From childhood to sisterhood, and from womanhood to motherhood, Jana Brike’s paintings are an ode to life, celebrating the lightness and darkness in equal measure. These are paths through which she has walked herself, and continues to explore. In 2022 Sabrina Roman from the online magazine Metal interviewed Jana. You can read the whole piece here; we have chosen some of the most interesting questions and responses.

Which elements of your own journey do you hope to weave into your art?

All the meaningful human experiences that I know on an intimate level – love, womanhood, sisterhood, motherhood, coming to terms with pain and hurt and mortality, also certain spiritual understandings. The process is strangely metaphysical, a deeper grounding of my heart and soul into the physicality of life, and transcending suffering through understanding and acceptance of my experiences.

In your work, the natural world is omnipresent, from water and butterflies to birds and flowers. What does this symbolism mean to you, and to how your work is perceived by the observer?

I do love to give my heroines a very natural environment. I spent the best part of my childhood in woods and meadows in the countryside, even now I it’s where I feel most in harmony with myself. It gives me space for reflection, and it is always so beautiful. I don’t strive for straightforward communication through my paintings; I find it way more captivating if the meanings are open, complex and multi-layered.  I see nature as it relates to human emotions and states. Violent seas and majestic clouds, warm summer sunshine and cool magical moonlight, forests to get lost in and misty swamps, overgrown plants – my viewers can all make their own connections.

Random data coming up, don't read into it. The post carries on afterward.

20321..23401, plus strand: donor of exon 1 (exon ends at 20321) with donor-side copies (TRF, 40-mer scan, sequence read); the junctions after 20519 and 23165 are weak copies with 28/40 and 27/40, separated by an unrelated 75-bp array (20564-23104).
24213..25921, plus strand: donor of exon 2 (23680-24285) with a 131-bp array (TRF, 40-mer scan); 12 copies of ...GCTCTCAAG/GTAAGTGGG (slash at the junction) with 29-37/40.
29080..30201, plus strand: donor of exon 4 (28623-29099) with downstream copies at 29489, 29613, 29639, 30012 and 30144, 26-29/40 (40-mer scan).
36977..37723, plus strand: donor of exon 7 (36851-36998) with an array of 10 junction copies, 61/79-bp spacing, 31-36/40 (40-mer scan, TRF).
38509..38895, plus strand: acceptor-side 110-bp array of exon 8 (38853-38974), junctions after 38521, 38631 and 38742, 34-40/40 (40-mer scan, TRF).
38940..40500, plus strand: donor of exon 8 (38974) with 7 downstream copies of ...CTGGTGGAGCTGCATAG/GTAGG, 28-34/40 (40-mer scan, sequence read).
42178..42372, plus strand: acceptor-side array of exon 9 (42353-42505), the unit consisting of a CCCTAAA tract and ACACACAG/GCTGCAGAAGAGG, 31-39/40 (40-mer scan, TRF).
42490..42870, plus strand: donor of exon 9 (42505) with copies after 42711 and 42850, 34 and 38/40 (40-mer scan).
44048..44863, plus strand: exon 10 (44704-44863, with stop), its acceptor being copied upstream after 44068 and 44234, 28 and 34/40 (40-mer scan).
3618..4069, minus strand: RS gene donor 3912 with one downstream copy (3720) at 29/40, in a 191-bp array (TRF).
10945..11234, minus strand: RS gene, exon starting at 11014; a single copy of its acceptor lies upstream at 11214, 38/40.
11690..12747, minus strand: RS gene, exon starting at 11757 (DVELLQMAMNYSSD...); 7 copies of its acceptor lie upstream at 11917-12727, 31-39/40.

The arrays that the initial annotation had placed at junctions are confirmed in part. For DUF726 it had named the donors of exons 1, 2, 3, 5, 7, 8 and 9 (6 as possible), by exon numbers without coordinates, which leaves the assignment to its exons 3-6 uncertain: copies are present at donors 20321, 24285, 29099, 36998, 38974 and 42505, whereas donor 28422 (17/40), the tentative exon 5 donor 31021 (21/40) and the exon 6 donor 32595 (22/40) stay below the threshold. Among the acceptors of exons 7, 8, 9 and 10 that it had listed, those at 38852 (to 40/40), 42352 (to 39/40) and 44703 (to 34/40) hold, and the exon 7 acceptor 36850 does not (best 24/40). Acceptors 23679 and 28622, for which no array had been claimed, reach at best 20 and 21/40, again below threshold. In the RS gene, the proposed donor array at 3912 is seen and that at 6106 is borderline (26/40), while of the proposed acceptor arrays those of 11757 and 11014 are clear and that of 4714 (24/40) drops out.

You talk about ‘bittersweetness’ and the ‘dance of transcendence’, the process of transformation of the dark and heavy parts of our lives into lightness and joy. How much do you look to your own experiences of triumphing over adversity for inspiration?

We don’t live in a society where pouring your heart and soul into something will always bring rewards. There is heartbreak and pain for everyone at some point – sometimes your small but immeasurably important triumph is getting out of bed that day, and that’s an inspiration too. Painting is a way for me to process so many things, from physical sensations to strong emotions, pain and pleasure alike. For me this dance of transcendence isn’t just the artistic creation process, but also the dance of my life.

The naked female figure is a key element in much of your work, and you have spoken of these figures as being representative of ‘subjective, inherent, feminine sexuality’. Can you say more about this?

The vast majority of professional artists in art history have been male, so the place from which the female body, with her thoughts and feelings as been from a male point of view. Women tend to have been objects displayed for desire, judgement or examination, external, out there, but not a personal, intimate, subjective statement. I am happy to live in a time where female artists are changing that, where they are their own subject matter, owning their narrative and telling their own story through their own art. I want to tell how I feel my experience, including my sexuality, from my own subjective intimate viewpoint, owning it, personalising it, with all its discomfort and beauty, vulnerability and strength, pain and pleasure, light and darkness.